Chapter 8

• As plasma concentration falls, some drug leaves the highly perfused organs to maintain equilibrium. This redistribution from the vessel-rich group is responsible for termination of effect of many anesthetic drugs. For example, awakening from the effects of thiopental is not due to metabolism or excretion but rather to redistribution of the drug from brain to muscle.
• Non–protein-bound drugs freely cross from plasma into the glomerular filtrate. The nonionized fraction of drug is reabsorbed in the renal tubules, whereas the ionized portion is excreted in urine.
• Elimination half-life of a drug is proportional to the volume of distribution and inversely proportional to the rate of clearance.
• The plasma concentration of a drug with long half-lives may still fall rapidly if distribution accounts for the vast majority of the decline and elimination is a relatively insignificant contributor. Therefore, the rate of clinical recovery from a drug cannot be predicted by its half-lives alone.
• Repetitive administration of barbiturates saturates the peripheral compartments, so that redistribution cannot occur and the duration of action becomes more dependent on elimination.
• Barbiturates constrict the cerebral vasculature. This effect may protect the brain from transient episodes of focal ischemia (eg, cerebral embolism) but probably not from global ischemia (eg, cardiac arrest).
• Although apnea may be less common after benzodiazepine induction than after barbiturate induction, even small intravenous doses of diazepam and midazolam have resulted in respiratory arrest. Ventilation must be monitored in all patients receiving intravenous benzodiazepines, and resuscitation equipment must be immediately available.
• The accumulation of morphine metabolites (morphine 3-glucuronide and morphine 6-glucuronide) in patients with renal failure has been associated with narcosis and ventilatory depression lasting several days.
• Opioids (particularly fentanyl, sufentanil, and alfentanil) can induce chest wall rigidity severe enough to prevent adequate ventilation.
• The stress response to surgical stimulation is measured in terms of the secretion of specific hormones, including catecholamines, antidiuretic hormone, and cortisol. Opioids block the release of these hormones more completely than volatile anesthetics.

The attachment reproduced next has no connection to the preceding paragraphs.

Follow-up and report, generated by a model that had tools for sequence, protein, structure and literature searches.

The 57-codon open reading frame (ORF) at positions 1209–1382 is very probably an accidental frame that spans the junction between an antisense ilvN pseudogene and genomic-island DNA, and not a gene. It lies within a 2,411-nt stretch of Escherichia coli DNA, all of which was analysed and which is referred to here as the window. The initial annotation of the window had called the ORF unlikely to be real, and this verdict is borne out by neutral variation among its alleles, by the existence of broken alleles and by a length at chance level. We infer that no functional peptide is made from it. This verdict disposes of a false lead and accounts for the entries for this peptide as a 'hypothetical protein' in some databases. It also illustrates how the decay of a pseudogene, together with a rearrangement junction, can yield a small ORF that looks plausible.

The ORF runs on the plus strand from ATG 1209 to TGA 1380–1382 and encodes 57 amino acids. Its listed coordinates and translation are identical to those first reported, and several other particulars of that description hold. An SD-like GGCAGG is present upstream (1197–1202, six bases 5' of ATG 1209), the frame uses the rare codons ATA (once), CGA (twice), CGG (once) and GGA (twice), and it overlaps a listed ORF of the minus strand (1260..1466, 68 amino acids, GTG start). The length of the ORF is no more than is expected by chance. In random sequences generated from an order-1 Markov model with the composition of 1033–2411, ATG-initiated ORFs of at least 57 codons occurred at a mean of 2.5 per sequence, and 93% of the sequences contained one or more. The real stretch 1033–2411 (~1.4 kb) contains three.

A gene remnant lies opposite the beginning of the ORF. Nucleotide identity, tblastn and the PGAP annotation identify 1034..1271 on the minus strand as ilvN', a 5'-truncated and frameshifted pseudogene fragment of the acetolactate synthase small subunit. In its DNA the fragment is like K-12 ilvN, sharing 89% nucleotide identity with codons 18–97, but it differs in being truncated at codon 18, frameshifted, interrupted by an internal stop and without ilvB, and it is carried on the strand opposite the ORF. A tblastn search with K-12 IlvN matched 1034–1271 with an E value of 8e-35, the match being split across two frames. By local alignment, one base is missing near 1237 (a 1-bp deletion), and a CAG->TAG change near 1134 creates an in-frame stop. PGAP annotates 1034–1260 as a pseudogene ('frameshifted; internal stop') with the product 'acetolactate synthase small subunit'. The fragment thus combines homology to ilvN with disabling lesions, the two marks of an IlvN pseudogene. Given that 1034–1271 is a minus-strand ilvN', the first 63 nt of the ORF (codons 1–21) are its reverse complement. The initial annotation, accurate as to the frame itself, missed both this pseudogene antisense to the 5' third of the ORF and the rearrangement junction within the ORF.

• In sharp contrast to other anesthetic agents, ketamine increases arterial blood pressure, heart rate, and cardiac output. These indirect cardiovascular effects are due to central stimulation of the sympathetic nervous system and inhibition of the reuptake of norepinephrine.
• Induction doses of etomidate transiently inhibit enzymes involved in cortisol and aldosterone synthesis. Long-term infusions lead to adrenocortical suppression that may be associated with an increased mortality rate in critically ill patients.
• Propofol formulations can support the growth of bacteria, so good sterile technique must be observed in preparation and handling. Sepsis and death have been linked to contaminated propofol preparations.
• Droperidol is a potent antiemetic; however, delayed awakening limits its intraoperative use to low doses (0.05 mg/kg, to a maximum of 2.5 mg). The antidopaminergic activity of droperidol rarely precipitates extrapyramidal reactions (eg, oculogyric crises, torticollis, agitation), which can be treated with diphenhydramine. Nonetheless, droperidol should be avoided in patients with Parkinson disease.

General anesthesia is not limited to the use of inhalation agents. Numerous drugs that are administered orally, intramuscularly, ...

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